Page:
The Victorian government is looking towards build-to-rent models, established in both the England and the USA, to provide new, more affordable housing. The model is popular in areas where people are either needing or choosing to rent for long periods.
The Daniel Andrews government plans to incentivise the build-to-rent sector by cutting taxes and speeding up the approval process for permit paperwork. In addition, any projects encountering delays may be referred to an advisory committee.
Foreign investor stamp duty surcharges will also take a snip, as will vacancy tax.
The planning and tax changes announced last September will encourage longer lease periods for apartments, and will incentivise the building of homes closer to amenities.
The initiative aims to make positive changes to housing affordability over the course of 2019 and 2020.
In discussion with The Age newspaper, founding member of Housing All Australians and ex-high-rise developer Robert Pradolin warned of the “time bomb” that is Australia’s housing market, where developers depend on property prices for profit and fail to deliver on affordability.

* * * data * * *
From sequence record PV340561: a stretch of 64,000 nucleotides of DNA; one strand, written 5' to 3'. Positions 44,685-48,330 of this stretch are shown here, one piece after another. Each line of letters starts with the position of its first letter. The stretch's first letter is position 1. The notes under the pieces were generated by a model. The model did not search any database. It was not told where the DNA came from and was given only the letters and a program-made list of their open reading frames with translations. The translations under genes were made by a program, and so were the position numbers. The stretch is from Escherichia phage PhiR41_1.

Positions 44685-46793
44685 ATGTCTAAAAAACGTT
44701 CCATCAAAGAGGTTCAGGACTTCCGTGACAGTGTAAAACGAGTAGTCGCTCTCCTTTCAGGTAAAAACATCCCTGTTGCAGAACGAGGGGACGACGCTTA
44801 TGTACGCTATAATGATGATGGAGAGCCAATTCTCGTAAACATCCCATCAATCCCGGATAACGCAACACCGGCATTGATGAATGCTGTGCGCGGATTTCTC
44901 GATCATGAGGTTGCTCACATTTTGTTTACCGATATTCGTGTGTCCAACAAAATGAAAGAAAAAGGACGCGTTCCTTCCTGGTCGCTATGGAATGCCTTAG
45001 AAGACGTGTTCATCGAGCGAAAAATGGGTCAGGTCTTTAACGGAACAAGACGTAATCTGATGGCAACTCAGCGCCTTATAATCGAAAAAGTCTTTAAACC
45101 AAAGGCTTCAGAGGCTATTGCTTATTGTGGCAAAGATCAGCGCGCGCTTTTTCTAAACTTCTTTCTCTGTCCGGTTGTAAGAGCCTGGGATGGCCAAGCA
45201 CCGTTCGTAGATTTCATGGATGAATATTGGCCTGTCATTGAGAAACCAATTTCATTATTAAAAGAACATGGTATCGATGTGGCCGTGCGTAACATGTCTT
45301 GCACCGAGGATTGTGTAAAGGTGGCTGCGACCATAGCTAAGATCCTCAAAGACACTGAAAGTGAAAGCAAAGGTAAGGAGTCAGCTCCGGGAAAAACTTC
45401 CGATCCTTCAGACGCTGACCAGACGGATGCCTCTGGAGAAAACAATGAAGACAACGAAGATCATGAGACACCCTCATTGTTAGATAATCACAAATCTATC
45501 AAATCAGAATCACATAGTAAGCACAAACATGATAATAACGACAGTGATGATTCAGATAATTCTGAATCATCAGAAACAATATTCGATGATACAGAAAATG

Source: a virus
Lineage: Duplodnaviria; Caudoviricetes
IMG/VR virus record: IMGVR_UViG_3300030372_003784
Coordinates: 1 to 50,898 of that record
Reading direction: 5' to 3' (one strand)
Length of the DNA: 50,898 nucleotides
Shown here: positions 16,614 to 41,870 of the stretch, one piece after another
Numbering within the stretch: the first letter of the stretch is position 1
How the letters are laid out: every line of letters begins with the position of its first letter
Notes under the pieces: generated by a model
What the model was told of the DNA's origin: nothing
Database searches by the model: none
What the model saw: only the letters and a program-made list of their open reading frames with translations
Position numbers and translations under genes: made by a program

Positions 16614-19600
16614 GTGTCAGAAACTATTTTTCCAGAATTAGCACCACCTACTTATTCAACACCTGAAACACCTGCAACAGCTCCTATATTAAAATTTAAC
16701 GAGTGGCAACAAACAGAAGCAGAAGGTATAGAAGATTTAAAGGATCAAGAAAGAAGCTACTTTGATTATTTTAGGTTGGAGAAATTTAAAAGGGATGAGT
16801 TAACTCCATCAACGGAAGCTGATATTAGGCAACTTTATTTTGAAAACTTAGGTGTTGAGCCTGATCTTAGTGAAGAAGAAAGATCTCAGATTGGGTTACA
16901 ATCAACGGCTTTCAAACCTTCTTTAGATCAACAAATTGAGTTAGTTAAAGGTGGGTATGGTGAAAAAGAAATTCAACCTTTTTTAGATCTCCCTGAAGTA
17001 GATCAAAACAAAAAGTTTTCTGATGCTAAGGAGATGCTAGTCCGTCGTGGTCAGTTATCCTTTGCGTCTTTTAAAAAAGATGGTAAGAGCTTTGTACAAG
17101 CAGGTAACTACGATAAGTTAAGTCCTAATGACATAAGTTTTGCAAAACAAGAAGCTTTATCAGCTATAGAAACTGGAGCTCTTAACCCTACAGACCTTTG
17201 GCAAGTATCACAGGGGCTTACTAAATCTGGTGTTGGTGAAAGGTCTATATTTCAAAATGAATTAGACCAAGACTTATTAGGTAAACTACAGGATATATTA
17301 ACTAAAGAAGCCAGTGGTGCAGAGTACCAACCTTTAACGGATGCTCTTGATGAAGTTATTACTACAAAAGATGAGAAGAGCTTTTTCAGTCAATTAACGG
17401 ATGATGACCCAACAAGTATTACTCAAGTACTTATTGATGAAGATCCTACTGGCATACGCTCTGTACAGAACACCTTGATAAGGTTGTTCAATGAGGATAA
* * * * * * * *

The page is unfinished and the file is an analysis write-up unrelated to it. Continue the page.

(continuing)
“Without providing shelter for all, how can we aim to be a prosperous, creative, innovative and inclusive country?” said Mr Pradolin. “We are heading for a lose-lose scenario unless we supply the basic fundamental need of shelter for all, rich and poor.”
The first build-to-rent project to commence in Victoria is a 60-storey apartment block on City Road, Southbank. The high-rise tower with glass exterior is to be developed by tier-one construction company Grocon.
Grocon spokeman Christian Grahame announced his company’s support for the new initiative.
“We support the introduction of build-to-rent in Victoria and believe it will be a thriving sector in the future, providing housing, community creation, investment and employment for our growing state.”
A number of other permit applications are currently in progress.
Much like Sydney, Melbourne’s housing affordability crisis has been a hot topic in recent years, and is expected to most-strongly affect Australians under-thirty, who are likely to seek housing through long-term rentals.
Australian real estate firm Stockland is also believed to be dipping its toes into the emerging build-to-rent industry, as it looks towards introducing projects into its pipeline.
“Build-to-rent is a new opportunity for Stockland” Stockland managing director Mark Steinert, “and we note that there is good demand for affordable rental properties.”
“[Affordable rentals are] critical in terms of the potential benefits to key workers and ensuring the continued inclusivity and liveability of our cities and towns as Australia’s population grows.”
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